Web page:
The Writer’s Voice: Team Coffeehouse #6 – GHOST OF RAG AND BONE



Genre: YA Contemporary Fantasy
Word Count: 85,000


Fifteen-year-old Lauren Rousseau doesn’t want to be her sister’s keeper, but she’s the only one in her family who notices that her once-athletic, fun-loving sister seems to be vanishing right before her eyes.

Wendi’s terror grows every time the family visits Grandmother Winifred; Grandmother perks up at the same time Wendi shuts down. The care facility staff is thrilled to see the family arrive; family visits change Winifred’s violent bad days into good ones. Their father is awed by his older daughter’s effect on his mother. Only Lauren recognizes Wendi’s repulsion as their grandmother strokes her hair and calls her pretty. By the end of each visit, Wendi is a little more wraith, a little less Wendi. A little less of a sister, or anything at all.

Grandmother glares out from Wendi’s eyes, and Lauren believes the impossible is happening: Grandmother Winifred is stealing her sister’s life. When Winifred’s health declines and Wendi starts to disappear physically, Lauren will to do anything to save her sister, even follow her into worlds that exist only in the imagination of the three Rousseau women, real worlds that appear when needed and disappear without warning, the way memories do. And if Lauren isn’t careful, she might just disappear along with her sister, forever.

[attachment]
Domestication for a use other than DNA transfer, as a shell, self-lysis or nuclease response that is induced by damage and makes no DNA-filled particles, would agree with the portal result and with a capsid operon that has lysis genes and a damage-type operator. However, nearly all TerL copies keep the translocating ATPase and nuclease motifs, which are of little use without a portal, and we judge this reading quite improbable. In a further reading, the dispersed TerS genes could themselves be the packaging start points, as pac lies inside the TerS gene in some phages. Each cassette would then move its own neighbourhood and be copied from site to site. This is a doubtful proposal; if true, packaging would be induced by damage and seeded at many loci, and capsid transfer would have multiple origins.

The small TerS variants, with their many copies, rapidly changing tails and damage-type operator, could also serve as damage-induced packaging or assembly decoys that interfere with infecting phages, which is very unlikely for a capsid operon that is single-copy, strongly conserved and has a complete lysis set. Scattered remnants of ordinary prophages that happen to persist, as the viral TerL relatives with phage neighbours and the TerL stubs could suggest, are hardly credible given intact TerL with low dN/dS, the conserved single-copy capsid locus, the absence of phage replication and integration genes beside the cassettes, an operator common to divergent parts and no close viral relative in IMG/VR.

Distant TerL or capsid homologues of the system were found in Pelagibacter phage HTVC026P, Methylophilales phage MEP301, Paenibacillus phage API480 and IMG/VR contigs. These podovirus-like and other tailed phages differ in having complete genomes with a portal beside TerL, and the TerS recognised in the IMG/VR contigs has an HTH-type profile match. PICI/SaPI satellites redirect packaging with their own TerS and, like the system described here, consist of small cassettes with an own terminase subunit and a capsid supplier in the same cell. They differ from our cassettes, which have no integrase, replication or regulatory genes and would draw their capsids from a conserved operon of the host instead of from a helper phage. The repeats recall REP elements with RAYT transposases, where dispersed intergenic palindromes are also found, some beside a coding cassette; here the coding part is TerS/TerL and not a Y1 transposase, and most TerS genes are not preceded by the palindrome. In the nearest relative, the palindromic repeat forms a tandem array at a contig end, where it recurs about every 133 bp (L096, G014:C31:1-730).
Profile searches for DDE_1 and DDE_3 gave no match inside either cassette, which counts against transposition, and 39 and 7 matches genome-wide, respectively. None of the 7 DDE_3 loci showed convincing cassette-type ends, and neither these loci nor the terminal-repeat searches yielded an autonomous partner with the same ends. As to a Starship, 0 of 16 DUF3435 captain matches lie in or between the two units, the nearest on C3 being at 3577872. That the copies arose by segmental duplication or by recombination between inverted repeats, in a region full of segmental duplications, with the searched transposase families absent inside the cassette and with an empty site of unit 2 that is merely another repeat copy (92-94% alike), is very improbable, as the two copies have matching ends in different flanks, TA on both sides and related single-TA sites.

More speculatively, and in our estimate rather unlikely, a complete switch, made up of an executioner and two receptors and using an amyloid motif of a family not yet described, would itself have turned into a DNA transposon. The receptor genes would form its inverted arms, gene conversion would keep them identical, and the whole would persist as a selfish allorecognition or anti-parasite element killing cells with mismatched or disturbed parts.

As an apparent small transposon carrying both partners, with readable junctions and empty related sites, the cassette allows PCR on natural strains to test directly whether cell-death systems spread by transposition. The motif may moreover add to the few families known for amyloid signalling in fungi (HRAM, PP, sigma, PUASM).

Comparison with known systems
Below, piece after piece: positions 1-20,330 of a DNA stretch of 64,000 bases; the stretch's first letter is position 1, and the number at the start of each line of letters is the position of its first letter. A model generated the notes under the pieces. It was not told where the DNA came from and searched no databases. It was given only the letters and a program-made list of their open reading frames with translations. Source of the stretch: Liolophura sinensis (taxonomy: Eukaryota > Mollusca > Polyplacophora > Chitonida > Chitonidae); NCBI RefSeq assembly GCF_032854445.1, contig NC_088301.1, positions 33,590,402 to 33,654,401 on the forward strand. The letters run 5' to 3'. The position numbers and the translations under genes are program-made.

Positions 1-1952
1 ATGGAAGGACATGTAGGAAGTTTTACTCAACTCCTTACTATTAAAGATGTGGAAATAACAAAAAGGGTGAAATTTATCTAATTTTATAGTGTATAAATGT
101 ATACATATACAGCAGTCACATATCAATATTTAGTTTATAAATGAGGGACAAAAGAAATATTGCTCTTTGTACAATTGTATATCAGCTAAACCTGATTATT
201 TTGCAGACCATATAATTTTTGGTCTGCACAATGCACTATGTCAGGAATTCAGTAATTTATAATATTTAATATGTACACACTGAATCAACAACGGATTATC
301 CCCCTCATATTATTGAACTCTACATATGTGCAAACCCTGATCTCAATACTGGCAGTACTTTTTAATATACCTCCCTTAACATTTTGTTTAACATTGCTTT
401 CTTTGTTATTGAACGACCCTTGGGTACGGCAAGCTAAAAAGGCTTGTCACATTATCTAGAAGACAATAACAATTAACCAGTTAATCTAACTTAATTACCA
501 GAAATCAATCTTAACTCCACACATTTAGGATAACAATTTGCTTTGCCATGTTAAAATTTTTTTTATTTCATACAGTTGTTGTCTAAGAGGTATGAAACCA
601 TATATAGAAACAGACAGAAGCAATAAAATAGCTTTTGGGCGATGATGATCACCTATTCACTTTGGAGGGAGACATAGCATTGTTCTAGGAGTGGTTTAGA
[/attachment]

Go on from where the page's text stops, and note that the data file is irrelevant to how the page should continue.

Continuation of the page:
First Page:

The frayed wood sign over the shop door read: “Remains: Rags & Bones” and Lauren wanted – no, needed – to see what wonders waited inside. The front windows boasted such a panoply of weirdness, so many disparate items, and the name was so promising.

She knew in the back of her mind she ought to wait for Wendi. If she were honest with herself, it wasn’t even back of the mind stuff. It was front and center. She needed to wait for her sister. Her mother had turned them loose within the cul-de-sac of eclectic Sacramento shops and only because the street looked like a craft fair, self-contained and crowded. Even then they were only to be out of mother’s sight for a short time and with the prohibition that they go nowhere without each other.

It was hardly any kind of freedom at all except Lauren knew how very easy it was to evade her careless, dreamy older sister. So they wandered together, until a puzzle shop distracted Wendi, and Lauren slipped away.

The inside of the shop was dark, and colder than she expected. When the bell over the door chimed a voice called from somewhere in the back, “Make yourself at home,” or maybe it was, “Make yourself a gnome,” which totally made as much sense as anything else she might expect in the crazy, jumbled shop she’d stumbled into.

The sunlight shoved its way into the shop with her, then hung suspended, seemingly uncertain how to proceed under the weight of dust.


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